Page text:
Of all the countries in Southeast Asia little old Brunei must be the least visited. Despite seeing far fewer tourists in Myanmar than in places like Thailand we didn’t even spot a single on in this oil rich Kingdom. It’s remote location on two small strips of land on Borneo, its awkward transport links and reputation for being overly strict lead to it being missed out my many was they travel through this region. But for us that was one of the selling points! Spending 8 hours on two ferries crossing over from Kota Kinabalu in Malaysia we were keen to step foot in this mysterious land many others didn’t. What we found was a fascinating culture and a unique country with a much more modern outlook than many might imagine! Here’s our things to do in Brunei guide!
Take in the impressive Omar Ali Saifuddien Mosque
The undoubted landmark of the city, the Omar Ali Saifuddien Mosque, built in 1958 the 171 ft golden dome is an icon of this small country. Of course, being Brunei the Mosque is a lavish affair with marble floors, handcrafted carpets from Saudi Arabia, chandeliers from back home in England and of course that dome, made from 3.5million mosaic pieces of glass and covered in real gold leaf.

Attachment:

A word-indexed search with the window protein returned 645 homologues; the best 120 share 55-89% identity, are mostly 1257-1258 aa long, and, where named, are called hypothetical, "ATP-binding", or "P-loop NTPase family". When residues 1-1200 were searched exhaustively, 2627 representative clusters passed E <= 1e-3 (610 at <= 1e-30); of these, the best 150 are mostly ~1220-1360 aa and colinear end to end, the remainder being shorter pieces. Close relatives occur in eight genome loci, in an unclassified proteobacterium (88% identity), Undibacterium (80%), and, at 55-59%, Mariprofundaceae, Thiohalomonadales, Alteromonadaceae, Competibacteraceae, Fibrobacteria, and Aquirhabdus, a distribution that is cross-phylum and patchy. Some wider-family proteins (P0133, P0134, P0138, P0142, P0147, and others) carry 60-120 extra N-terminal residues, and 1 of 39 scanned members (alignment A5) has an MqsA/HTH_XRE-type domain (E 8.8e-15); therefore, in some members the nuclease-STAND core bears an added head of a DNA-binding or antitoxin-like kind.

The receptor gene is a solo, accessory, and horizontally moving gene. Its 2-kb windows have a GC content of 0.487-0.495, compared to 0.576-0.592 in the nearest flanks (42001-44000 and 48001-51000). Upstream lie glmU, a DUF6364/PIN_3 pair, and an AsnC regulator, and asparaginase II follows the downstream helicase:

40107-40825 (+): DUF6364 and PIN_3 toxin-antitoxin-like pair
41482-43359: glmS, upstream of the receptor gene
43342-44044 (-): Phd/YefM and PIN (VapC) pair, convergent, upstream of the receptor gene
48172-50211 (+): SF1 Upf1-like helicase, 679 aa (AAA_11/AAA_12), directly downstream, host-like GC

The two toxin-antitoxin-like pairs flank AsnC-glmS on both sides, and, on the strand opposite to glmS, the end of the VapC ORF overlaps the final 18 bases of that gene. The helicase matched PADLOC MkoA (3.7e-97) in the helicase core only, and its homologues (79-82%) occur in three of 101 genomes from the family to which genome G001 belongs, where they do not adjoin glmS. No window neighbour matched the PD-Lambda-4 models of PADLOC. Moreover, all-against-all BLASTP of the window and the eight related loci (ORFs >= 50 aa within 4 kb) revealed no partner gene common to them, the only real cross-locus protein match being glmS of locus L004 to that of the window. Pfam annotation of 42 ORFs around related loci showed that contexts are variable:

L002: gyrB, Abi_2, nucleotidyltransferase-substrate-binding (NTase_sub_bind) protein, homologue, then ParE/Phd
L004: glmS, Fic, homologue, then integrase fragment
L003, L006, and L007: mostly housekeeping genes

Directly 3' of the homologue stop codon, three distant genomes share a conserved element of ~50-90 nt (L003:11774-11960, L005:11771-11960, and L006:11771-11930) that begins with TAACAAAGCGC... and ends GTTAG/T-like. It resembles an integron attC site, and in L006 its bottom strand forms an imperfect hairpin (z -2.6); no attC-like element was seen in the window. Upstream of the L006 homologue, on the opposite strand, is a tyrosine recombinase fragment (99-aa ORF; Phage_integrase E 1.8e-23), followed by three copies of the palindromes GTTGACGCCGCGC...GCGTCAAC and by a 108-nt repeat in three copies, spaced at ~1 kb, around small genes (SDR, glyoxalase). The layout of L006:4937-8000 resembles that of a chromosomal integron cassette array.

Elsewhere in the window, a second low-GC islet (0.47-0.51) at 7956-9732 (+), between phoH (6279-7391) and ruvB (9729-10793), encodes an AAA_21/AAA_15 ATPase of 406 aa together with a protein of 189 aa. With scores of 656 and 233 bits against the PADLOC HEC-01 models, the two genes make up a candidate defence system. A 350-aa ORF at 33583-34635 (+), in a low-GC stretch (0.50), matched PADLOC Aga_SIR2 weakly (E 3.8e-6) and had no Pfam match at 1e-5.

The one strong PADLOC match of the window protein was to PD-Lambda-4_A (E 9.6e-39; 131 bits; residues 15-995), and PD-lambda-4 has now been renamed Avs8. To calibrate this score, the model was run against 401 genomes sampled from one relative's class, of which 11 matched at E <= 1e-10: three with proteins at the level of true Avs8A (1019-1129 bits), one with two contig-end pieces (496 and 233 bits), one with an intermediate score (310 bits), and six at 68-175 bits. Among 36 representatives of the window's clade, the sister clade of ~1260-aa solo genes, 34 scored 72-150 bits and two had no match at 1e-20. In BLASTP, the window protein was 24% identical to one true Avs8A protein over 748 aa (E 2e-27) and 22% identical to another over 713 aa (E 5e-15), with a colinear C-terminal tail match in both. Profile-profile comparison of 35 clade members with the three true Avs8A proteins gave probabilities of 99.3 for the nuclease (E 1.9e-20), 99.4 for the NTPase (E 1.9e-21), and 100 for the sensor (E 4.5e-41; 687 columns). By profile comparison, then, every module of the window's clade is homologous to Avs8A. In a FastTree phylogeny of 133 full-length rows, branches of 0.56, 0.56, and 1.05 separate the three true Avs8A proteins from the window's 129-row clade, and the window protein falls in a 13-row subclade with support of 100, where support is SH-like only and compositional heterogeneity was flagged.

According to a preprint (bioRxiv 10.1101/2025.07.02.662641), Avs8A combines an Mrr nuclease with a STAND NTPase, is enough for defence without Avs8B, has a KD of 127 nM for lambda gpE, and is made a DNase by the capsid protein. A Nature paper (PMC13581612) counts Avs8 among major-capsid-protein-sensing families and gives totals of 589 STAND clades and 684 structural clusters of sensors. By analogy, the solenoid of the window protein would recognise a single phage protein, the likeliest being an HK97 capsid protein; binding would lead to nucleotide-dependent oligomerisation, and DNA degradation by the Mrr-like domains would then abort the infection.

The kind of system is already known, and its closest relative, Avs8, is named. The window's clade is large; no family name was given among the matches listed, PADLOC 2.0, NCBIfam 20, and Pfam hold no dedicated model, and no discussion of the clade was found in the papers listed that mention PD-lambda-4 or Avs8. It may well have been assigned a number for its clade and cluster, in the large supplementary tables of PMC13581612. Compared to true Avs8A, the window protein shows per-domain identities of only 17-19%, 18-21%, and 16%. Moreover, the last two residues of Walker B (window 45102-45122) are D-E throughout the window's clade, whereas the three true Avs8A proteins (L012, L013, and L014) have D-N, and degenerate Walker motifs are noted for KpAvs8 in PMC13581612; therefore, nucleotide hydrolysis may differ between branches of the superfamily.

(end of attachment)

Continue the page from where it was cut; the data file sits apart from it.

It really is a sight to be seen! Named after the current Sultan’s late father and surrounded by an artificial reflecting pool if there is one thing to see here it is this! Non muslims are allowed inside when prayers are not in session and robes/ head scarves are provided free of charge. There in no photography allowed inside so you’ll just have to come and visit for yourself! This is a real must do on our things to do in Brunei guide!
Take a walk along the waterfront of the river that cuts through this city
The Brunei river for which the country is named runs right through the centre of BSB and is historically the lifeline of this town. Local life revolves around the river, from settlements literally on the river to a now developed modern walkway along its edge that provides great views of the area. From either side the view is vastly different, from one of opulence and modernity to one of a traditional life not changed for centuries. On a hot day in BSB there is nowhere better to sit back and watch the world of Brunei go by! Such a simple but wonderful experience on our things to do in Brunei list.
Jump on a bumpy water taxi and travel the local way